Q&A with the candidates running for Dorfman’s seat

Five candidates are seeking the DFL endorsement to replace Hennepin County Commissioner Gail Dorfman who is leaving her post early March to take a job as executive director of St. Stephen’s Human Services.

A special election will be held May 13, and a primary April 29 if needed, for the 3rd District County Commissioner seat since Dorfman is leaving her job several months before her term ends. 

The 3rd District includes St. Louis Park and Minneapolis neighborhoods in southwest and downtown. 

We checked in with the five candidates running for her seat to see how they compare in terms of top priorities and views on the proposed Southwest LRT line — an embattled project that will be a key focal point for the commissioner elected to replace Dorfman.

Here are the candidates’ edited responses to questions asking what makes them the ideal candidate for the job and thoughts on what should happen with Southwest LRT.

Precinct caucuses are on Tuesday, Feb. 4 at 7 p.m. Caucuses are the first chance for parties to start the candidate-endorsing process.


Marion Greene

Resume highlights: former state representative (60A); health policy analyst for St. Jude Medical

Top priorities: make county government more visible and connected to the community; invest in early childhood education; and strengthen county’s medical system to ensure its long-term sustainability

Website: mariongreene.org

SWJ: What makes you the strongest candidate in the field?

Legislative experience: The breadth and complexity of topics, interactions and partnerships that I experienced as a legislator is immediately relevant to the breadth and complexity of topics, interactions and partnerships that are part of the work of a successful county commissioner. I authored, introduced, and advocated for progressive legislation at the Capitol. Some has become law. In addition, I was known for maintaining exemplary constituent service.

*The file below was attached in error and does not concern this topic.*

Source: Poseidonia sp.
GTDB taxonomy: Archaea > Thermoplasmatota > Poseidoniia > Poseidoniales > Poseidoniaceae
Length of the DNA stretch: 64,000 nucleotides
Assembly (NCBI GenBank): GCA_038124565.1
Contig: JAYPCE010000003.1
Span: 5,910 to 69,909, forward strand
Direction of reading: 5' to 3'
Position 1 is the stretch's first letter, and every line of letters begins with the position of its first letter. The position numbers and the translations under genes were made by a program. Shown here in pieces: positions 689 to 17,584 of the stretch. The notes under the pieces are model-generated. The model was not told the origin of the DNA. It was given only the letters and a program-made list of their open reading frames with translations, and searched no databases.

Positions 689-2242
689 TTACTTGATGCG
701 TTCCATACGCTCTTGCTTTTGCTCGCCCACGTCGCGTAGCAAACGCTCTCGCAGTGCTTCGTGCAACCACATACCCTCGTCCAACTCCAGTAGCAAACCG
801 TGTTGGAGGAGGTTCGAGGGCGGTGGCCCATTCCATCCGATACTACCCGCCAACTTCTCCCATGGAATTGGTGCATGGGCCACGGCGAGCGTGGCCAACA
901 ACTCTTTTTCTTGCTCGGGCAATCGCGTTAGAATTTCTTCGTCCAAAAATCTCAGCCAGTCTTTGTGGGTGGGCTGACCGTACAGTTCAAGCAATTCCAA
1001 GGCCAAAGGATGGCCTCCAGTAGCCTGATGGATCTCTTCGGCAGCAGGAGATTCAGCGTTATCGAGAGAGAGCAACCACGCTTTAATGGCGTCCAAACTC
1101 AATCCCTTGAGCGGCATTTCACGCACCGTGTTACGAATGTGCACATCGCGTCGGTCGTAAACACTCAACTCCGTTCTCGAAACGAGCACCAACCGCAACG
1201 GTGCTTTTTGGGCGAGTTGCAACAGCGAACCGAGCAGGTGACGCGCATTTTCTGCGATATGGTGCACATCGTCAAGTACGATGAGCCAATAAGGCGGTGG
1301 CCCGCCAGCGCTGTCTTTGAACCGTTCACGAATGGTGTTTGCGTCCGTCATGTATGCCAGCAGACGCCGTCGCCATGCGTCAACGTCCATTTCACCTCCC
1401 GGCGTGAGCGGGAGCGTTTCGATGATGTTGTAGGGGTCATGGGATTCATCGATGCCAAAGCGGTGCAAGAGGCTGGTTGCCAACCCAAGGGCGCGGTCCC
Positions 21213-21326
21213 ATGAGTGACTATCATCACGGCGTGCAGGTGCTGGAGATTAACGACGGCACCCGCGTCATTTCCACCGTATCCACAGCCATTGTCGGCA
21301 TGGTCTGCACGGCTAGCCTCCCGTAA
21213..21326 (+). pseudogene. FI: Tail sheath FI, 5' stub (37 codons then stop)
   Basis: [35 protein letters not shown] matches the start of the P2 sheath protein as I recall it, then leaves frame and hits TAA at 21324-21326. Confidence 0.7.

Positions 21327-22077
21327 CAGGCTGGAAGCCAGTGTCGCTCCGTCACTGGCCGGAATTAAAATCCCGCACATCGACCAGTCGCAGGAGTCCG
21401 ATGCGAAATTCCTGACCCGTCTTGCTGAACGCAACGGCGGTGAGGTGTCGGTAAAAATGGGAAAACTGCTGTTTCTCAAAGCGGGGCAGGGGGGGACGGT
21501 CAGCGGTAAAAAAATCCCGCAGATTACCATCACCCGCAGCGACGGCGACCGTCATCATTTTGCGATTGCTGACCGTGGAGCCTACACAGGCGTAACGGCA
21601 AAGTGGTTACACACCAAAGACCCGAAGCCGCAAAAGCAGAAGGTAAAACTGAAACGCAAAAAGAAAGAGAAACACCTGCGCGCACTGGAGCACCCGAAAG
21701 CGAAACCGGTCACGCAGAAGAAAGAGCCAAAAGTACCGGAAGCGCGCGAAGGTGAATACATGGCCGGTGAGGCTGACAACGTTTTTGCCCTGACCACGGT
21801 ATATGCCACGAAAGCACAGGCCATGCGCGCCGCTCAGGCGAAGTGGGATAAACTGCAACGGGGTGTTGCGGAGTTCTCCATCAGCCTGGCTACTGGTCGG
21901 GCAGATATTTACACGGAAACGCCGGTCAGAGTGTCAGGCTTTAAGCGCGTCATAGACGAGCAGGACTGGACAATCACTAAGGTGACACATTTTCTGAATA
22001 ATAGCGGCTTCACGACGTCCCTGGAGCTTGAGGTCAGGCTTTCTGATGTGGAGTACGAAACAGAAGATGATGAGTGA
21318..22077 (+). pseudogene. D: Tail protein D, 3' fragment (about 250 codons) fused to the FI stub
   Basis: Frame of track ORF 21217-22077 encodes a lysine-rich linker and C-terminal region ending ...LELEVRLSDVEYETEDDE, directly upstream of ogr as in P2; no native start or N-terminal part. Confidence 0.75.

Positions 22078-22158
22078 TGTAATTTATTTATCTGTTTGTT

Health care finance expertise: Mike Opat, President of the County Board, told the StarTribune recently that the financial situation at Hennepin County Medical Center will be a major focus for the board in the immediate future. My work for the last 10 years in health care finance (as well as my MBA) are directly relevant, and I will be an asset to the County in addressing the issue.

Independence and working relationships: I enjoyed collaborating with Commissioner Gail Dorfman and the other commissioners while I was at the Legislature, but I am also one of the few candidates not to have the county on my own resume. This gives me both fresh perspective and existing working relationships.

What do you think is the ideal plan for the SW LRT line?

I look forward to the release on Jan. 31 of the three SW LRT studies which examine freight-rail alternatives, and hydrology and vegetation impacts of shallow LRT tunnels. The ideal plan for the SW LRT line is one that can safeguard important local and regional assets (e.g., St. Louis Park High School, and the Chain of Lakes). This would lay the groundwork for securing municipal consent from both St. Louis Park and Minneapolis, which would show increased regional commitment to multimodal transit. 


Katie Hatt

Resume highlights: research consultant for the DFL Caucus of the Minnesota House of Representatives; former policy aide for Hennepin County Commissioner Peter McLaughlin

Top priorities: Creating supportive, sustainable communities through better transportation options; investments in affordable housing; and an expansion of the countywide recycling program to focus on greater participation by renters and multi-family buildings.

Website: katiehatt.org

What makes you the strongest candidate in the field?

My mix of grassroots and County experience and policy expertise make me the best choice for District 3 Commissioner.

I love counties and I know Hennepin County.  I served for four and a half years as a Hennepin County Commissioner’s Principal Aide, where I gained ideal training in developing budgets, enacting forward-thinking transportation, environmental, housing and human services policies, navigating county government to help constituents connect to supports and negotiating complex project agreements.  With a likely special election this spring, I will be a knowledgeable and effective leader from Day One, ready to take on many important and time-sensitive issues, including the 2015 budget process and Southwest LRT.